A Media Entry – Thoughts on Villainy: Credible Threat

So I was wondering what I could rant about for my next blog entry when I was subjected to numerous viewings of the latest Batman v. Superman: Dawn of Justice trailers. This actually sparked two subjects in my mind, but since I was recently thinking about what makes a good villain, I realized I forgot (or need to expound on) one criterion – credible threat.

Actually, this criterion is broader than just the superhero genre. If the obstacle or antagonist standing between the protagonist and his/her goals is not credible, then the drama falls flat. I say “obstacle” because in some stories is no antagonist or the nature of the antagonist isn’t as clear as a villain as such but the principle still applies. A couple of those examples:

Continue reading A Media Entry – Thoughts on Villainy: Credible Threat

A Media Entry – Thoughts on Villainy: Good at Being Bad

There have been a lot of complaints about the MCU‘s lack of really interesting villains. The only one with any real depth is Loki, and that’s because Loki has had the most exposure. Due to the blockbuster convention, nearly all other villains have been summarily terminated. That’s a pity too because with comic book adaptations especially, villains should be allowed to return. There are exceptions, of course, in which the story requires the villain to be terminated (Jessica Jones is one). So, then, what makes for a compelling villain?

First, it is important to remember that a villain and antagonist are not necessarily the same, just as a hero and protagonist are not the same (at least not to me). In most comic book stories that is the case. To me, though, the difference between a protagonist and hero (and antagonist and villain) is that the stakes are between good and evil. Broadly taken, I suppose, that could apply in say, a mystery novel in which the detective is the hero and the murderer is the villain. But in general that is not how I’m using the terms.

I’ve written before on how badly written villains will sink comic book movie adaptations like the Titanic hitting an iceberg. I’ve also written about how a “cartoon villain” isn’t necessarily a badly written villain. So, then, what does make for a good villain?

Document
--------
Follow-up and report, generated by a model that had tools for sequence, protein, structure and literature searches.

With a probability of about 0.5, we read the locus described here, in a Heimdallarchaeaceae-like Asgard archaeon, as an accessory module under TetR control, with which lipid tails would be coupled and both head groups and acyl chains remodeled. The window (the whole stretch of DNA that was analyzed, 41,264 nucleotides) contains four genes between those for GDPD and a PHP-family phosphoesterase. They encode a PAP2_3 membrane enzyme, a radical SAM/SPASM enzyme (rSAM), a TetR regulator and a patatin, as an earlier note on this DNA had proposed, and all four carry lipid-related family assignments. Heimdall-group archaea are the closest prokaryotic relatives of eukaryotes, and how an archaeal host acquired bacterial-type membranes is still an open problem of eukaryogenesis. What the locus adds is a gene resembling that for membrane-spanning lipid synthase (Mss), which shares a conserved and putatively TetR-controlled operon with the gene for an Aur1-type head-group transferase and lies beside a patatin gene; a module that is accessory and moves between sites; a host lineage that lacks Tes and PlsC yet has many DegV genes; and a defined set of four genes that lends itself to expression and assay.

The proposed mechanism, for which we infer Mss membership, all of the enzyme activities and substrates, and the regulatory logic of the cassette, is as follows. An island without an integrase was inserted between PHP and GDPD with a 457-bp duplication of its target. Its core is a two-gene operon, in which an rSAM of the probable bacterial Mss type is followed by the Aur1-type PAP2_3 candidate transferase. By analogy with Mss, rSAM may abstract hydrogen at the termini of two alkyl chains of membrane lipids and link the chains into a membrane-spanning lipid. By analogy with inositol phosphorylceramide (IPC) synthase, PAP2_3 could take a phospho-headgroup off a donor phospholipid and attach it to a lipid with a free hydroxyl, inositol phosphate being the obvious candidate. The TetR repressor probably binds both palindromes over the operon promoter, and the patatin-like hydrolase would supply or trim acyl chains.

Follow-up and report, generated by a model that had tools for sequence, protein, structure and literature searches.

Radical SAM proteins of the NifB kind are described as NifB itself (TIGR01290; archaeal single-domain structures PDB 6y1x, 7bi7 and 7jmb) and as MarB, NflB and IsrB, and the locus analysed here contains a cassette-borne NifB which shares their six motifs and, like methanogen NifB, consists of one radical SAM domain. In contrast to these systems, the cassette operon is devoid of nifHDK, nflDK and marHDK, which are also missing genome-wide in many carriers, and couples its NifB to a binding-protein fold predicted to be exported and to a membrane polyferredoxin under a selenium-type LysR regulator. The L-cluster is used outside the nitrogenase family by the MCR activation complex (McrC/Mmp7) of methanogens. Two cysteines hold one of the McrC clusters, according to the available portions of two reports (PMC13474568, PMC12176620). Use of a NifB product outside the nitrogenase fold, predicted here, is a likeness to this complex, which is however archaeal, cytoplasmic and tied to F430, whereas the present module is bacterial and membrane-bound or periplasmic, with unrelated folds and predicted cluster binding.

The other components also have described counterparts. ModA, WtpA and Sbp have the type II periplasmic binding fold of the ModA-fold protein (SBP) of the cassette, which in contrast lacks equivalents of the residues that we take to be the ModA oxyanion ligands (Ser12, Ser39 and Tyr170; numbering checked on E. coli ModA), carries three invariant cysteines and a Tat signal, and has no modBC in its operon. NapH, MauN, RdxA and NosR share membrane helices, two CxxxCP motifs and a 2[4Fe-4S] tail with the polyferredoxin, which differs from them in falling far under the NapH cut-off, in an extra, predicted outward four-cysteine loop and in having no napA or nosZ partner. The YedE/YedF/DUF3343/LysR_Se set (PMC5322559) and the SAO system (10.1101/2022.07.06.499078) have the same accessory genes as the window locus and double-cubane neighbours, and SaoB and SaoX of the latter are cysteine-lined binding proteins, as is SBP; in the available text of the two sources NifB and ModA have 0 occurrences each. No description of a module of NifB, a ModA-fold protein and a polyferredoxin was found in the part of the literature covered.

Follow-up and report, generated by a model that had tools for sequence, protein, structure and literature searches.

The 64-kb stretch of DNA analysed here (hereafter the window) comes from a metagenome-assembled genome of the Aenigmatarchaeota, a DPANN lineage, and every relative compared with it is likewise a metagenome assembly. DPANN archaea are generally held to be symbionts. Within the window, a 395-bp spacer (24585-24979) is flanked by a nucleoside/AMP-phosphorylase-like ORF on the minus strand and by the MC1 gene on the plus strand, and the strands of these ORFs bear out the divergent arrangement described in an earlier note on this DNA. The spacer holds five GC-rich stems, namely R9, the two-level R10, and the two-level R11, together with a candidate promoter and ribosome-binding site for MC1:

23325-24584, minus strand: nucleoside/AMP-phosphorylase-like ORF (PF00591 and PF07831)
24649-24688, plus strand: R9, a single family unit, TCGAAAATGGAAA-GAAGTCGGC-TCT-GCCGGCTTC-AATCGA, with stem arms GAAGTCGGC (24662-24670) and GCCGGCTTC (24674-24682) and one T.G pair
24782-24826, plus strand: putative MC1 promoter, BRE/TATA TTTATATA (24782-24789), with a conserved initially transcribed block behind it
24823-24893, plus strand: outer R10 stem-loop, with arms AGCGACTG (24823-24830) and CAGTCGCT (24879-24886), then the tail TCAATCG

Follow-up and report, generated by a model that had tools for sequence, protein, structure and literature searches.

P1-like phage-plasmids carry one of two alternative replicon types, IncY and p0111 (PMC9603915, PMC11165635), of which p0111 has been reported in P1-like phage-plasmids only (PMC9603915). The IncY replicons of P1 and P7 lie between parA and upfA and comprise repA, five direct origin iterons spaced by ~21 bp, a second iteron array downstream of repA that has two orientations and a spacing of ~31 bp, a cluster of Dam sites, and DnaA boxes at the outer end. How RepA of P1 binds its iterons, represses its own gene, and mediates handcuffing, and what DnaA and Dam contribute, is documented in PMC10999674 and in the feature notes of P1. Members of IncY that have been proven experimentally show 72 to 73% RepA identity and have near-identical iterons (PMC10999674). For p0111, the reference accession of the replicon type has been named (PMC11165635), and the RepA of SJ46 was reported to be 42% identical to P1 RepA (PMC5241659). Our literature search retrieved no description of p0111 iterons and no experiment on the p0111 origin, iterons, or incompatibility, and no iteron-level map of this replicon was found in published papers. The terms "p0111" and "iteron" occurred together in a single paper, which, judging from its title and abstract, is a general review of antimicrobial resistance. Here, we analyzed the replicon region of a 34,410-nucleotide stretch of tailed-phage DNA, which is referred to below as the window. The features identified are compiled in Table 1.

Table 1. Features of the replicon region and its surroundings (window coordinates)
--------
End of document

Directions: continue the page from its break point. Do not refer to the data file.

Continue reading A Media Entry – Thoughts on Villainy: Good at Being Bad

A Comic Book Entry – Thoughts on Villainy: Enough is Never Enough

“Enough is never enough” is actually from “Star Trek.”  It’s number 97 of the Ferengi Rules of Acquisition.  As I ponder (weak and weary) villainy, I think this is another fatal flaw, one which I overlooked in my initial musing.  Supervillains just don’t know when to stop.  Either greed or ego or maybe even crippling insecurity pushes them to never accept enough as actually enough.

1) Corporate supervillains – those who have the greatest superpower of all, and I don’t understand their motivations at all.  What is it that drives these villains who already manage vast corporate empires, have amassed enough wealth to make Solomon blush, and wield enough political influence to have virtual puppets on any political forum they like, to risk all of that?  For most people, they’re already living the dream.  Sure, corporate villains don’t technically rule the world, but do they really need to?  They get everything they want, after all.  But no, there is some need for yet more power, or some misguided fear that must be allayed, that makes losing everything somehow seem worth it.  Also, perhaps they really are so egotistical as to believe they couldn’t possibly fail.

I better understand why other types of villains might go too far, so the next part of this addresses specific villainous situations rather than villain types.  I mean, if you’re called “Kang the Conqueror,” then your motivations are pretty clear.

2) Gloating – Okay, so you’ve got the hero at your mercy.  Your plan has succeeded; well, almost.  It’s just almost there and the hero can’t stop you; in fact, the hero will be dead in just a few short minutes.  Unless, you know, you give the villain time to stop you.  Gloating is either the ultimate act of ego or the ultimate act of self-sabotage.  Why risk the success of your plan for a few minutes of ranting that will cease to matter when the hero is safely dead?  This is your moment of triumph, but the hero can’t take it with him/her.  If you’re just going to rant at a hero who in theory won’t remember your rant anyway, why not kill the hero first and then rant?  Sure, it may look a little weird and macabre, but you’re a villain.  That can only add to your reputation, not detract from it.  Better to have a reputation for crazy than a reputation for losing.  You do want to win, right?